Colorado’s Buzzworthy Wine Producers


One of Colorado’s leading wineries, Sutcliffe Vineyards handcrafts award-winning wine from grapes grown in McElmo Canyon in Cortez

Like the weather, opinions of Colorado wine are always changing. When I first moved to Aspen almost 15 years ago, the consensus was that while there were grapes grown in Colorado, the wine from which they were made generally wasn’t very good. The local industry then was akin to a hobby, not a serious pursuit. But so much has changed, particularly in the past five years, that I question where Colorado wine stands today. So I set off on a road trip through Western Colorado wine country to seek answers.

My first stop is Alfred Eames Cellars. The namesake owner’s vineyard, Puesta del Sol, or the “Sunset Vineyard,” is a small swath of land near the organic farming town of Paonia, just over McClure Pass from Aspen. In what is now the West Elks AVA, people have been growing grapes for more than 100 years.

“I forgot you were coming,” says Eames, 65, as he steps out of his house and into the cool morning air with a smile. With a white beard, a brown wool cardigan, and a pipe, he evokes a character from classic literature. His deep voice is cadenced, never rushed. Somehow the place and the man seem to come from a more thoughtful time. No wonder his wines channel another era.

As a young man in the mid-1960s, Eames lived in Spain, as a chaperone to his older sister, who was studying in Madrid. Soon she found a boyfriend (the brother of then-undiscovered singer Julio Iglesias). With nothing else to do, Eames gravitated toward vineyards, where he worked for free while learning the ins and outs of winemaking. He tasted his first glass of wine, a Tempranillo, and has been making wines in the old-world Spanish tradition ever since.

We walk downstairs to his wine cave, where about a hundred French oak barrels line the floor amid dim light. When I close my eyes, the cool mix of wood, wine, and earth transport me to the cellars of Europe. Just off the cellar, inside his intimate tasting room, we sample several of Eames’s outstanding reds, including the 2009 Collage, a Cabernet Sauvignon, Cabernet Franc, and Merlot blend; 2009 Tempranillo; and 2009 Sangre del Sol, a blend of Syrah, Cabernet Sauvignon, and Merlot.

“I make wine for me,” he says, smiling. Eames does very little to the wine after he handpicks the clusters and de-stems the grapes, leaving them in open vats of masonry to ferment before moving them to the oak barrels, where they age in the dark for the first year. “I treat it like a child,” says Eames of his process. “Wine is alive. I treat it with respect and give it what it needs to grow up and mature.”

Eames grows many of his grapes on his own property, and he buys the rest from growers in Palisade or Paonia—Colorado’s top grape-growing region, and my next stop.

Heading west through Hotchkiss, passing multiple organic farms and quaint roadside stores, I cross over railroad tracks where freight trains long ago hauled in grapes for winemaking from California. I head onto Highway 50 north toward Grand Junction, on my way to Two Rivers Winery & Chateau, one of the largest commercial wineries and grape growers in the state. While Eames treats his wines like his children, Two Rivers co-owner Bob Witham unabashedly treats his winery like a business.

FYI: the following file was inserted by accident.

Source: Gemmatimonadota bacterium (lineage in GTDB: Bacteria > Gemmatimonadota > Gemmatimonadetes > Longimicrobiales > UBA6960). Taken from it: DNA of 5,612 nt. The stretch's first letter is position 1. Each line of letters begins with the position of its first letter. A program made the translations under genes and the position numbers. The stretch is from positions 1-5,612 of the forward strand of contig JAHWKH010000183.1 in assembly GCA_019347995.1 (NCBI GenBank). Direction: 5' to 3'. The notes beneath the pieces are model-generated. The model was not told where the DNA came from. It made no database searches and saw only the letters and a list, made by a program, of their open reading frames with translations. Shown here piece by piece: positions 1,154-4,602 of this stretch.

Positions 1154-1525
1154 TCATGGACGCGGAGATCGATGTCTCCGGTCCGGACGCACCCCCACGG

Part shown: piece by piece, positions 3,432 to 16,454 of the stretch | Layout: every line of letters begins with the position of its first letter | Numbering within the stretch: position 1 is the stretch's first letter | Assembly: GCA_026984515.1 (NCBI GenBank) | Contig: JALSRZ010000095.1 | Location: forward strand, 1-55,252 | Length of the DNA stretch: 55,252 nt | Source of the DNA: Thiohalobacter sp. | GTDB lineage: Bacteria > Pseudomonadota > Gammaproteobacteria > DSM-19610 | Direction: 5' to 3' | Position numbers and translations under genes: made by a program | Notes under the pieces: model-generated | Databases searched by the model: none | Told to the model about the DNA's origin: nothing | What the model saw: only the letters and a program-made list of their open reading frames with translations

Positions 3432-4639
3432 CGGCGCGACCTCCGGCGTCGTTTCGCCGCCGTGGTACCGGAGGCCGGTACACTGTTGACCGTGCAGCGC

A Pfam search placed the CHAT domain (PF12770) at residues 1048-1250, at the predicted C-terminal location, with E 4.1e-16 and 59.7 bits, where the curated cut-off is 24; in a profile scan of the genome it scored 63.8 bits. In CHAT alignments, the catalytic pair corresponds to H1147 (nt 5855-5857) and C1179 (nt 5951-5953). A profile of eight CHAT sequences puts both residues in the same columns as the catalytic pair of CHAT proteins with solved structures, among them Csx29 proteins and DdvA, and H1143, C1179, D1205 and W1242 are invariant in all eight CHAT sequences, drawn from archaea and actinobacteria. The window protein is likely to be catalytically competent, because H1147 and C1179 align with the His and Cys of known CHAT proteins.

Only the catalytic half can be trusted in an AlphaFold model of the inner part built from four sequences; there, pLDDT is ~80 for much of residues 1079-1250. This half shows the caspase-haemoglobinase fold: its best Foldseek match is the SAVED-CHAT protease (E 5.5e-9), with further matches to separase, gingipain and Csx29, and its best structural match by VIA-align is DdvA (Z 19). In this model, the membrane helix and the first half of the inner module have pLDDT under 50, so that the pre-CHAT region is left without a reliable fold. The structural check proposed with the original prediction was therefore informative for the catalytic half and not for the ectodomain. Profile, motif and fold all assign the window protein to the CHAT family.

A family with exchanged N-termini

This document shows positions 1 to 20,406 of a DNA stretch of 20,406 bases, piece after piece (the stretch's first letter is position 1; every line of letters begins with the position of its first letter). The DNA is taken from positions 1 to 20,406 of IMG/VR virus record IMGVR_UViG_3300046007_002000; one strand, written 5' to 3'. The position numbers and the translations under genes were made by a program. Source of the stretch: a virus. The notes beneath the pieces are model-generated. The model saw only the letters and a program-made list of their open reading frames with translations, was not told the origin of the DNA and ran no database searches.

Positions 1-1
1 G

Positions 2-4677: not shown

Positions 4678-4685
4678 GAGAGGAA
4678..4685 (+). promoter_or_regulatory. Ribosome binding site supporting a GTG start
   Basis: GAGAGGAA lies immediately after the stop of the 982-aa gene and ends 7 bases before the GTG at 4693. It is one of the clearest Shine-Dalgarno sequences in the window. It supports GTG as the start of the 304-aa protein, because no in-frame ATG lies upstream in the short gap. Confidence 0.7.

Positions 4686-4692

Witham began Two Rivers as a vineyard in 1999 after the former long-term-care executive soured on the concept of a gated patio-home community on the same site. That year he produced 2,000 cases of wine. In 2012 he is on track to make 14,000 cases. His winemaker, Tyrel Lawson, just 26, patiently tends to the 18 acres of vineyards, which include Chardonnay, Cabernet, and Merlot grapes. These grapes account for about a third of Two Rivers’ wine; the rest are contracted from other winemakers.

Growing grapes in the high desert of Western Colorado isn’t easy. Frosts, droughts, and other extreme climate factors keep growers guessing. In 2009, Two Rivers lost 40 percent of its crop because of a severe inversion frost; this year, with an early and exceptionally warm spring, harvest will be sped up by at least two weeks.

But generally, when things go right, weather is hot during the day and cool at night, much like the mountainous wine regions of South America. “Heat is what builds sugars,” Lawson explains. “Cool nights add a great variance with acids for a better balanced fruit.”

We head to the tasting room, a nouveau French château, and taste the entire line. Witham is very specific on how his wines should be tasted: swishing this way and that, adding chocolate to his mouth, holding sips in his cheeks for several seconds. The process is laborious but effective. Again, the red wines are the stars, with the Cabernet Sauvignon one of my favorites.

Witham and I talk about the roots of winemaking in the Grand Valley—the Italian immigrants and coal mine workers of the late 1880s, before Prohibition, when the grapevines were ripped out. It wasn’t until about 50 years ago that grapes were again planted in a region already well known for its peaches, cherries, and other fruit crops.

I want to know more about the modern roots of Colorado winemaking, so I drive east toward Palisade, twisting through arid hills crowded with vines. I land at Carlson Vineyards, where Parker Carlson has been making wine since 1988. It’s one of the oldest winemaking operations in the state.